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The theatrical future is bright

Review: Riptide, The 1s and 0s and Everything in Between ·
Mandurah Performing Arts Centre, 18 September ·
Review by Xan Ashbury ·

This play left me feeling incredibly uplifted. Sure, communication in the digital age is fraught with issues and it’s unlikely to get any less complicated in the future. What warmed my heart was a glimpse at the future of theatre.

I’m embarrassed to admit that before seeing this show, I imagined theatre by young people as something you politely endured rather than enjoyed. I imagined a mediocre script rendered awkward by enthusiastic but untrained performers. Well, the joke’s on me.

Everything about this production, directed by Katt Osborne, was brilliant – from the poignant, funny and shockingly relatable script (by Chris Isaacs) and clever set (Laura Heffernan), to the innovative staging and flawless performances. It shows what is possible when young people’s talent is harnessed and nurtured. It shows what is possible when new writing is commissioned and funding is made available for a professional dramaturg, designer and director.

We are connected – but are we close? This is the central question explored in The 1s and 0s and Everything in Between. A series of vignettes examine relationships, conversations and the construction of identity in the age of digital communication.

Three young woman behind a transparent plastic curtain
Everything about this production was brilliant – from the poignant, funny and shockingly relatable script  and clever set, to the innovative staging and flawless performances. Pictured: Monique Tibbot, Lexie Sleet, Teaghan Lowry. Photo: Zal Kanga-Parabia. 

The key feature of Heffernan’s set is integral to the play. Strips of thick transparent plastic, forming a curtain, divide the stage: the front half representing the “real” world, and the rear half the digital world – the world we experience behind the screen of our smartphone or computer.

At one point, the performers tapped in unison on the screen, saying “dot dot dot”. It made me reflect on that rush of dopamine I feel when checking into Messenger or Hangouts to find someone I love composing a message. (“Wavy dots” I call them. I usually type “wavy”, just so they know I am there, too, and am feeling that delicious sense of anticipation.)

Often, performers just behind the screen interact with those in a scene in the “real”, highlighting how hyper-connection hinders our efforts to be truly present or augments our perception of reality.

In one scene, a man and women on a Tinder date look at messages on their phones. Each has a friend (behind the screen) checking in on them, asking for updates. When both gave bogus explanations for having to reply to the message, the audience erupted with knowing laughter. “Yes! I do that all the time!” my friend whispered to me.

In fact, my ribs were sore by the end of the show, not just from laughing so often but by the number of times my companion had nudged me with her elbow – shorthand for: That is us, that has been us, or we were just talking about that the other day…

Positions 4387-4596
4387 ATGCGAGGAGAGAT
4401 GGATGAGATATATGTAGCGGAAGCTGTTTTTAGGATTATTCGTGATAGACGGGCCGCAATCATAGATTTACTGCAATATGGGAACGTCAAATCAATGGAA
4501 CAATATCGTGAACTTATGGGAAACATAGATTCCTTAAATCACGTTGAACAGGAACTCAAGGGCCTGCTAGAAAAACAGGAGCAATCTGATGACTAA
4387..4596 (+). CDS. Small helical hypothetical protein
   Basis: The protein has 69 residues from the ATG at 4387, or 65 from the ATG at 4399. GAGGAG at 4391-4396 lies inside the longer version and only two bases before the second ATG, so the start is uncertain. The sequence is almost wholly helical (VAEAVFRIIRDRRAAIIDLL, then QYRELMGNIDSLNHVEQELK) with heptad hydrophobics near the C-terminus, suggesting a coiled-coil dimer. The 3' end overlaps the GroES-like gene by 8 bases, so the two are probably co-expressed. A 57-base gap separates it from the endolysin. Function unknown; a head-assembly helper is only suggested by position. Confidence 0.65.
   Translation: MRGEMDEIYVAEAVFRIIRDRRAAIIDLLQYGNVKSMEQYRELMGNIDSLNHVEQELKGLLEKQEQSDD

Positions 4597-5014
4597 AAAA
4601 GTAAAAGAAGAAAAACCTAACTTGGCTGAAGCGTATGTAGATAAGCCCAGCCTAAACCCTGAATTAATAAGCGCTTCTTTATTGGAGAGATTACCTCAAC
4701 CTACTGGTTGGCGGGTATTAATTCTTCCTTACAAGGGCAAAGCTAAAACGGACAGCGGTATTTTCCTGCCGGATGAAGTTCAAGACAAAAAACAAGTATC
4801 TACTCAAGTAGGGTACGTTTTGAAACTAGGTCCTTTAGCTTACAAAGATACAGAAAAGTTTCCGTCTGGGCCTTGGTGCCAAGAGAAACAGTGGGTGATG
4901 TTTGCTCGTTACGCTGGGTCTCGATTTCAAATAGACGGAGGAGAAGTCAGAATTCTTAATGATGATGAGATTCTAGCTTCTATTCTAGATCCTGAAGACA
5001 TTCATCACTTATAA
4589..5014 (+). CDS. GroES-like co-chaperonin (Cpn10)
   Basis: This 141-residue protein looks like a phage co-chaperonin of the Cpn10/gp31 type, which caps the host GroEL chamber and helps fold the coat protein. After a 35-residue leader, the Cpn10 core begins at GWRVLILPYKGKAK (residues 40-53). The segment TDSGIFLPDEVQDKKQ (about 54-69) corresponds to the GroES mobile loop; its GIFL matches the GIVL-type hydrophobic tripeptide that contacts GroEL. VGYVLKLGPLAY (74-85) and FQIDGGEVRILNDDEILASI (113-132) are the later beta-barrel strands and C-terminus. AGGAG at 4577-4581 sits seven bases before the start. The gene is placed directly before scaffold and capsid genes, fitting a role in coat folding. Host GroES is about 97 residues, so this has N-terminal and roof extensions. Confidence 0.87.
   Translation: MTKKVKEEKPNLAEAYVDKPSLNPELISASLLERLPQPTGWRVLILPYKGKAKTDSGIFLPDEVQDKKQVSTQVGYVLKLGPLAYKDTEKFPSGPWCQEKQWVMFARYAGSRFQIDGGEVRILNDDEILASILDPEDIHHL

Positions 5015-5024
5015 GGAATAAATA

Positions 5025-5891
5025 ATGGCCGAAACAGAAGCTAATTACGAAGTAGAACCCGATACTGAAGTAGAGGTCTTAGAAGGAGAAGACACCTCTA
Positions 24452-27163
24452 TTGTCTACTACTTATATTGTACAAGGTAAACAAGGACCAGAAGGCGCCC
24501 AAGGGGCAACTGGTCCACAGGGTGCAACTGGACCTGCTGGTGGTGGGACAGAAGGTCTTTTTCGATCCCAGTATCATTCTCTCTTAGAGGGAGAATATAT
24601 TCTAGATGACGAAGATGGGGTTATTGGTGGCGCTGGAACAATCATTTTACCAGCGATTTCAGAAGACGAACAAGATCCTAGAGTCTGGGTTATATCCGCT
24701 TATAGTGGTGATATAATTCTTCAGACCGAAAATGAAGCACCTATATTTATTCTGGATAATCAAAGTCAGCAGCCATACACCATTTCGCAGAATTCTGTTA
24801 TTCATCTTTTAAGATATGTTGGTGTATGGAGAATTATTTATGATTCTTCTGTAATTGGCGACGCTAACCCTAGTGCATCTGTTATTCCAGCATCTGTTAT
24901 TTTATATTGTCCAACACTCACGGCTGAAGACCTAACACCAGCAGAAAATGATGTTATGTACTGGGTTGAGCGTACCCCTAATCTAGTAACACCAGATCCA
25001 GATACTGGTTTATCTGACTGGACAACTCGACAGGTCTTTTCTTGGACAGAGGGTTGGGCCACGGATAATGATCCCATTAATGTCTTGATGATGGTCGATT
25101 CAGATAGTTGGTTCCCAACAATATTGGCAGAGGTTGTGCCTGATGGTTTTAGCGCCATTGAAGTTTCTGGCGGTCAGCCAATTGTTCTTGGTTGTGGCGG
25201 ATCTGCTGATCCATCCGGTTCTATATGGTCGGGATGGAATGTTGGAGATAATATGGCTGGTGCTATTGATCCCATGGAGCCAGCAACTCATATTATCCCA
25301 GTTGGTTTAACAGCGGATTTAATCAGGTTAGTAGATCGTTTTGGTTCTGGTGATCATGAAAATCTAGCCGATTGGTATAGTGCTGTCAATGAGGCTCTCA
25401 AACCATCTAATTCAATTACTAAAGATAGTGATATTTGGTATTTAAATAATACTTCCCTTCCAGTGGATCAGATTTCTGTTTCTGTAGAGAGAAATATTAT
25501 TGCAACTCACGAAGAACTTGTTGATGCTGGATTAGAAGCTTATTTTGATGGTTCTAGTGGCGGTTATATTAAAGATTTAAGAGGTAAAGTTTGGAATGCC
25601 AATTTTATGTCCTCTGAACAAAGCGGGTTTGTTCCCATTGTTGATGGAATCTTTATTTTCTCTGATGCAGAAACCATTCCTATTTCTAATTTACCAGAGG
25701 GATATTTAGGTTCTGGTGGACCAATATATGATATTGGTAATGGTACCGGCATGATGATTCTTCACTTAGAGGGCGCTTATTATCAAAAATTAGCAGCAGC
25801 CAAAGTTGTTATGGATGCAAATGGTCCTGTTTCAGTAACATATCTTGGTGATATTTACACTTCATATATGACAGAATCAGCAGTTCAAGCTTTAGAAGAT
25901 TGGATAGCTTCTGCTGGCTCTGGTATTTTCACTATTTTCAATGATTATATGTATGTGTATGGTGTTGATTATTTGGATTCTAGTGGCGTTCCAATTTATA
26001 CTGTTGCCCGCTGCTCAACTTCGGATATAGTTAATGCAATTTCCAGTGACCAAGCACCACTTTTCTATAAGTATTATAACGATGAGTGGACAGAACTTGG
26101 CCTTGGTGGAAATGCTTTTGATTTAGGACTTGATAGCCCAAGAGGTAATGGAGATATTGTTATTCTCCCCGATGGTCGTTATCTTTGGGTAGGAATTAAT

Two young people behind a transparent plastic curtain
Often, performers just behind the screen interact with those in a scene in the “real”, highlighting how hyper-connection hinders our efforts to be truly present or augments our perception of reality. Pictured: Harrison Mitchel, Ruby Liddelow, Monique Tibbot. Photo: Zal Kanga-Parabia.

There are scenes about virtue signalling, ridiculous hashtags, inane comment threads, catfishing and anonymity fuelling hateful comments. Scenes about long-distance lovers, finding it hard find anything to say, beyond “I love you” and “I miss you”, highlight the primacy of physical connection. We witness another couple, whose relationship is strained by smartphone addiction, particular the fear of missing out. A budding actor discovers she is more valued for her Instagram following than her talent.

In one scene, young women talk up the freedom of being able to select a date from the comfort of their home, dressed in their jammies. In previous eras, women had to dress up to meet the male gaze, then go out and be harassed by men, they said. At the end of scene, they pose provocatively, trying to capture the right look for their profile photos. Clearly, we are meant to recognise that while there is some truth in what they believe, they are naive to think they have escaped the pressures of objectification.

My one slight criticism is that I felt the play was a little too long. It covered a multitude of scenarios which arise out of our relationships with technology; but I think trimming or cutting several of these would enhance rather than detract from the audience’s overall experience.

The Riptide ensemble, based in Mandurah, is comprised of Max Baker, Ruby Liddelow, Teaghan Lowry, Harrison Mitchell, Tristan Pateman, Clea Purkis, Lexie Sleet, Monique Tibbott, Shekaila Walker and Megan Willis. While all were magnificent, Purkis deserves a special mention – she was an exceptional.

The ensemble worked with Isaacs (an award-winning WA playwright), giving their thoughts and opinions on communication and how technology affects the way we connect with each other. This helps to explain why their performances appeared so natural and authentic; it was a case of their youth being an asset rather than a hurdle. I sincerely hope it can be restaged to a new and bigger audience.

Pictured top: Max Baker and Clea Purkis. Photo: Zal Kanga-Parabia.

Read more about Riptide in an interview with Katt Osborne.

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